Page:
Gray Maynard entered the UFC as a wrestler with little mixed martial arts experience. He made it onto the fifth season of The Ultimate Fighter with a professional record of just 2-0, being eventually submitted by Nate Diaz. However, Maynard showcased rapid improvement as a fighter in the UFC, establishing himself as a fighter who relentlessly pursued top position and consistently ground out his opponents. After knocking out Joe Veres in just nine seconds, Maynard won seven decisions in a row. The opponents he beat during that run included Dennis Siver, Frankie Edgar, Jim Miller, Nate Diaz, and Kenny Florian. That’s not a bad run.
But something disastrous happened to Maynard – he fell in love with the striking game. To make matters worse, he actually had success with it. His win over Miller was accomplished largely with striking, as was his (dubious) split decision victory over Diaz. Maynard earned a title shot against Edgar and came so close to finishing Edgar with strikes in the first round. Clearly, Maynard got the idea that he could beat fighters standing up, and that struck him as more fun than the methodical grinding style that fans just don’t enjoy watching.
The problem is that Maynard was never really that good at striking. Diaz landed 70 significant strikes to Maynard’s 41. Roger Huerta landed 40 significant strikes to Maynard’s 23. Edgar landed 95 significant strikes to Maynard’s 71. Maynard was fortunate to not lose each of those fights with his striking game.
In his last four fights, Maynard’s love for striking has finally hurt him, and in a bad way too. Edgar, Diaz, and T.J. Grant all knocked Maynard out. The Grant and Diaz fights were particularly one-sided. Maynard won a split decision over Clay Guida with strikes, but Guida is no great striker himself. It’s clear that if Maynard wants to turn his career around and get back to the top, he needs to do it with the wrestling/grinding style that got him here.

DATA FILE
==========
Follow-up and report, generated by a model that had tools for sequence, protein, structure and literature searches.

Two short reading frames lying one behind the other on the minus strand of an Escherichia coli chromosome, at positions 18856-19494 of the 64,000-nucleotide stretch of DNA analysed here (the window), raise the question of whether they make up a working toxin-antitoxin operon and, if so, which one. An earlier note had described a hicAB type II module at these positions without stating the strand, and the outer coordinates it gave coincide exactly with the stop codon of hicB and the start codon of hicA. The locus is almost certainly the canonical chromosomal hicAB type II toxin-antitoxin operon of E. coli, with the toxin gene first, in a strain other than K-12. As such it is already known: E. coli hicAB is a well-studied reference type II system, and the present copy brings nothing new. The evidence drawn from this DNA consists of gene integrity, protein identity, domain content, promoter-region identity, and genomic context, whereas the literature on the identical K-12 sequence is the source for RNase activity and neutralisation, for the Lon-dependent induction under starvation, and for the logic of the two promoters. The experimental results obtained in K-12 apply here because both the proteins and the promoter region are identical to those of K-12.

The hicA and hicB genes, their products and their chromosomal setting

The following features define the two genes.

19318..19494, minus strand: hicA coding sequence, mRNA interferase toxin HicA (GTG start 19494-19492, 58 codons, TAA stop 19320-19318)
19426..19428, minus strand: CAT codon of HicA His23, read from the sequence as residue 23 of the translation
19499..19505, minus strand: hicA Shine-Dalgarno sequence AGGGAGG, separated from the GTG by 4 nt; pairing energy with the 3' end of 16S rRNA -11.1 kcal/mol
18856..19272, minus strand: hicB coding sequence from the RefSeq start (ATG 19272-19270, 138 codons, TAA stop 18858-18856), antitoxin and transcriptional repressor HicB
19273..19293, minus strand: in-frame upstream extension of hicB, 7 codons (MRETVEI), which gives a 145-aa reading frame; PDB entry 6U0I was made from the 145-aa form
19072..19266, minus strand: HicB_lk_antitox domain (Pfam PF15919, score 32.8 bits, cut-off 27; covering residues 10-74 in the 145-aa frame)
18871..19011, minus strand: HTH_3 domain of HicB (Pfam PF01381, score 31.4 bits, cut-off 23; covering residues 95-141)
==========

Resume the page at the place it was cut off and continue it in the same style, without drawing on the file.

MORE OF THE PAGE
That brings us to his fight against Ross Pearson. If this fight happened three years ago, I would have no hesitation about picking Maynard to win. Now, I have a lot of hesitation. Pearson is easily the better striker, and it’s not particularly close. He’s also showcased enough knockout power in recent fights that he should be considered a threat to finish Maynard in this one. If Maynard hasn’t learned his lesson, and comes in ready to stand and trade with Pearson, he’s almost certainly going to lose, probably by knockout.
The other problem is that Pearson isn’t easy to take down. He enters with a takedown defense rate of 81%. Maynard is a better wrestler than anybody Pearson has faced to this point, so it’s reasonable to expect that Maynard would have more success than Pearson’s past opponents. However, Pearson isn’t going to make it easy, and if Maynard has trouble landing takedowns, that might encourage him to just try a striking match anyway.
I would love to think fighters are self-aware enough to understand where they’re going wrong, and correct their mistakes. Unfortunately, this is not usually the case. Maynard’s recent career trend has been to stand and strike with his opponents and get knocked out. Against Ross Pearson, there’s a very good chance Maynard repeats this pattern. It’s a shame that I’m making this pick, because Maynard really is the better overall fighter… but I have to pick Pearson to win this.
Pick: Ross Pearson by KO